Shouldn’t there be a special b’racha just for coffee? It can do such wonders, bringing us from sleep into wakefulness, darkness into light, oblivion into coherence.
Today’s a better day than yesterday. At least I’m up and awake (though on my third cup of coffee). And my youngest has a play date for tomorrow.
I’m trying hard not to think about the guilt. I was in bad enough shape yesterday that my husband decided to stay home from work. He doesn’t stay home often, but when he does I feel so incredibly guilty. He’s had jobs before where his bosses were not particularly family-friendly and they didn’t care that he took time off to visit me in the hospital or take me to the doctor when I couldn’t drive. Baruch HaShem that’s not the case with the job he’s had the past three years. As long as he gets his work done and makes it to required meetings, he has some leeway. But there’s still the fear that I’m going to be at the mercy (or lack thereof) of my sometimes unstable emotions and that’s the day his work will be less than undertsanding, G-d forbid.
He assures me everything is fine and if it wasn’t, he’d tell me and we’d find another way to deal with those bad days. I have some friends, but few who really know how bad this can get. It’s not a part of me that I want to share, and I don’t ever want to feel like they’re friends out of pity or sympathy. And I fear that if I relied on my friends when things got this bad, I’d lose them as friends. Helping a friend through a difficult pregnancy or post-partum depression or an acute illness is one thing, but chronic depression that comes and goes and is lifelong? How can that not tax a friendship?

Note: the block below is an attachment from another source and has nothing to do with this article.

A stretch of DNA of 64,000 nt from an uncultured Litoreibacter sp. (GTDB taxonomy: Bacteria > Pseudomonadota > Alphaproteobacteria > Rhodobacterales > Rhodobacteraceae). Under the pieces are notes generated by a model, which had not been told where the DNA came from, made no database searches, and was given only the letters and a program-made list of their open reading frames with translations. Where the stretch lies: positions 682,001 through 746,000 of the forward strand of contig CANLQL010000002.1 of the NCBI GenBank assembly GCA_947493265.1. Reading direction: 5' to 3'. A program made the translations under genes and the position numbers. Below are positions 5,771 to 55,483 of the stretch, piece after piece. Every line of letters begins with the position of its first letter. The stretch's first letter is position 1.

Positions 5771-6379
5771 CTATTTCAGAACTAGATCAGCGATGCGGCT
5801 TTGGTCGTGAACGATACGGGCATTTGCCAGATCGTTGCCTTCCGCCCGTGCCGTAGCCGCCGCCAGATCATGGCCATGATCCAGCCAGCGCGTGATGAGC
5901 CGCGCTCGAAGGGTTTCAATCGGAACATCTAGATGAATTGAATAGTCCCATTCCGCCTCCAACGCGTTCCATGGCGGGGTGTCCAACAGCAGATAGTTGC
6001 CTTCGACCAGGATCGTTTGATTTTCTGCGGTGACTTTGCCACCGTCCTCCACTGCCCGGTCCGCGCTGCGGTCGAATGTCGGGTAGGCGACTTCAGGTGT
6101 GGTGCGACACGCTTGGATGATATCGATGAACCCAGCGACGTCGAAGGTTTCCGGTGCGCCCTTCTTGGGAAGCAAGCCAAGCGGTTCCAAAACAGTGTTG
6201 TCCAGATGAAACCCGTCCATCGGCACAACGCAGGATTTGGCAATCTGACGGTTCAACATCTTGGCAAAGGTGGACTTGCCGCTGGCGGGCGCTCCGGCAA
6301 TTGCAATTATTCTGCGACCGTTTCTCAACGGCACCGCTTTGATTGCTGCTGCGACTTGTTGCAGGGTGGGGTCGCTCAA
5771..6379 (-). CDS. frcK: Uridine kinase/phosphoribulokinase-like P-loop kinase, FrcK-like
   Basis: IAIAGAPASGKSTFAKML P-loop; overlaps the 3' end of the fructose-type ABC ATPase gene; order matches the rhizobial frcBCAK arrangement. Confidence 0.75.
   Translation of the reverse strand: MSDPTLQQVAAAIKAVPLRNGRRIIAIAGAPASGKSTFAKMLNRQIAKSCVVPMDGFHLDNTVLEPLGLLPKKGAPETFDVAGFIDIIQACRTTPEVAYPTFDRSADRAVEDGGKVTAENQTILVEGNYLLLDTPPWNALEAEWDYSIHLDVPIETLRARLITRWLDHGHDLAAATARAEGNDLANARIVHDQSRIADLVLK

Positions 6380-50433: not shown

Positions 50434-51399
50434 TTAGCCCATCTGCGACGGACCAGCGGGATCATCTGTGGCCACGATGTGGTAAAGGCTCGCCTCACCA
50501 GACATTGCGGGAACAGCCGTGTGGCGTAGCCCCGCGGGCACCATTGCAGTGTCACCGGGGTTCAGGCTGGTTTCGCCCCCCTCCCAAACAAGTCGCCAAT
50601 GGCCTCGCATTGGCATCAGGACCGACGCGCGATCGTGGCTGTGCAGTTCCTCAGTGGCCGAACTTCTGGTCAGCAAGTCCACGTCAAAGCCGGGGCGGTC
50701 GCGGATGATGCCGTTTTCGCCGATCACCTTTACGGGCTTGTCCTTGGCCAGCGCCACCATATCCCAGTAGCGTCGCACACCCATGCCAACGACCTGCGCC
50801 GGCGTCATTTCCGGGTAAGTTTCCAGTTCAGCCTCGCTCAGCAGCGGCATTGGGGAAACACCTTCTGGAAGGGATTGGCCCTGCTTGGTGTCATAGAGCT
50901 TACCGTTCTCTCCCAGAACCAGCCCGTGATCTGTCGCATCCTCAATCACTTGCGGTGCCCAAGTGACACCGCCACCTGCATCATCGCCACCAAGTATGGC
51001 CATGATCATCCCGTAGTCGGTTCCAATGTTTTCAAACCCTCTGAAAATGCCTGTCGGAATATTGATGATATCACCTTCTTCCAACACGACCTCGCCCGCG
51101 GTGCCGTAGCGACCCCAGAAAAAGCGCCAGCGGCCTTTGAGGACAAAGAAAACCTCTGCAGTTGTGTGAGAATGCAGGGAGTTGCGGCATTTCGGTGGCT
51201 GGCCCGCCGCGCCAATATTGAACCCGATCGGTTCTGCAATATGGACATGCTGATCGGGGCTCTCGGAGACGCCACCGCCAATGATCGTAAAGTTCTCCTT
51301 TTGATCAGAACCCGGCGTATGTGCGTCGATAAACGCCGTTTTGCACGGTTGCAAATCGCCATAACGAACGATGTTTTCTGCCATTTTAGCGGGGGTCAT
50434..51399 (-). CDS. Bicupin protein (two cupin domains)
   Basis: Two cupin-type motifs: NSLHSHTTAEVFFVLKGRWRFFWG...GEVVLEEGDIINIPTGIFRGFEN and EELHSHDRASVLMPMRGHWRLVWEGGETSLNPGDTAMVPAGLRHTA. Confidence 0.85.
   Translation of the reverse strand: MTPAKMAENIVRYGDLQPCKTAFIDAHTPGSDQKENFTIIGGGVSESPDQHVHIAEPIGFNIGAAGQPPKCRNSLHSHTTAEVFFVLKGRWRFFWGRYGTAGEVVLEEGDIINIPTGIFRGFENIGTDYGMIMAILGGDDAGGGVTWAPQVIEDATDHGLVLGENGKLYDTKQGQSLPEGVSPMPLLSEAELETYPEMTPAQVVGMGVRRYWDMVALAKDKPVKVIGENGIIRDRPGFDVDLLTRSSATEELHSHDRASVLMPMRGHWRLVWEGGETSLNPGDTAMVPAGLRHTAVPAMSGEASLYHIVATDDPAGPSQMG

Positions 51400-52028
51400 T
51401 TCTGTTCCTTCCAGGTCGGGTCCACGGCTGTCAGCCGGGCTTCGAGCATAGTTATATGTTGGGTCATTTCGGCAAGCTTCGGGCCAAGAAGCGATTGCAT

From time to time I’ve thought about talking to my rabbi about this, but then I think, “What’s the point? He can’t do anything about it.” There’s no fix for this, and no end in sight. So why waste his time that could be better spent helping someone who really needs it?
Some other time I’ll write more about something our shul tried to do a while ago. They wanted to make the shul more accessible to people with disabilities, and not just physical disabilities like use of a wheelchair or vision and auditory challenges. I wanted to speak up about people who have emotional disabilities, who need a little extra sensitivity, a little extra reaching out. But I couldn’t find the words, and it seemed redundant anyway. Shouldn’t we be reaching out with sensitivity to everyone?
But it hasn’t happened and there are times I go to shul and feel like I haven’t connected with anyone, that no one – the rabbi included – has seen the tears just beneath the surface, pain I can’t share because there’s no event, no cause. It’s just my brain chemistry again.
I feel like I need to find a way to deal with this myself, without anyone’s help. Except maybe my coffee.
Baruch HaShem for coffee.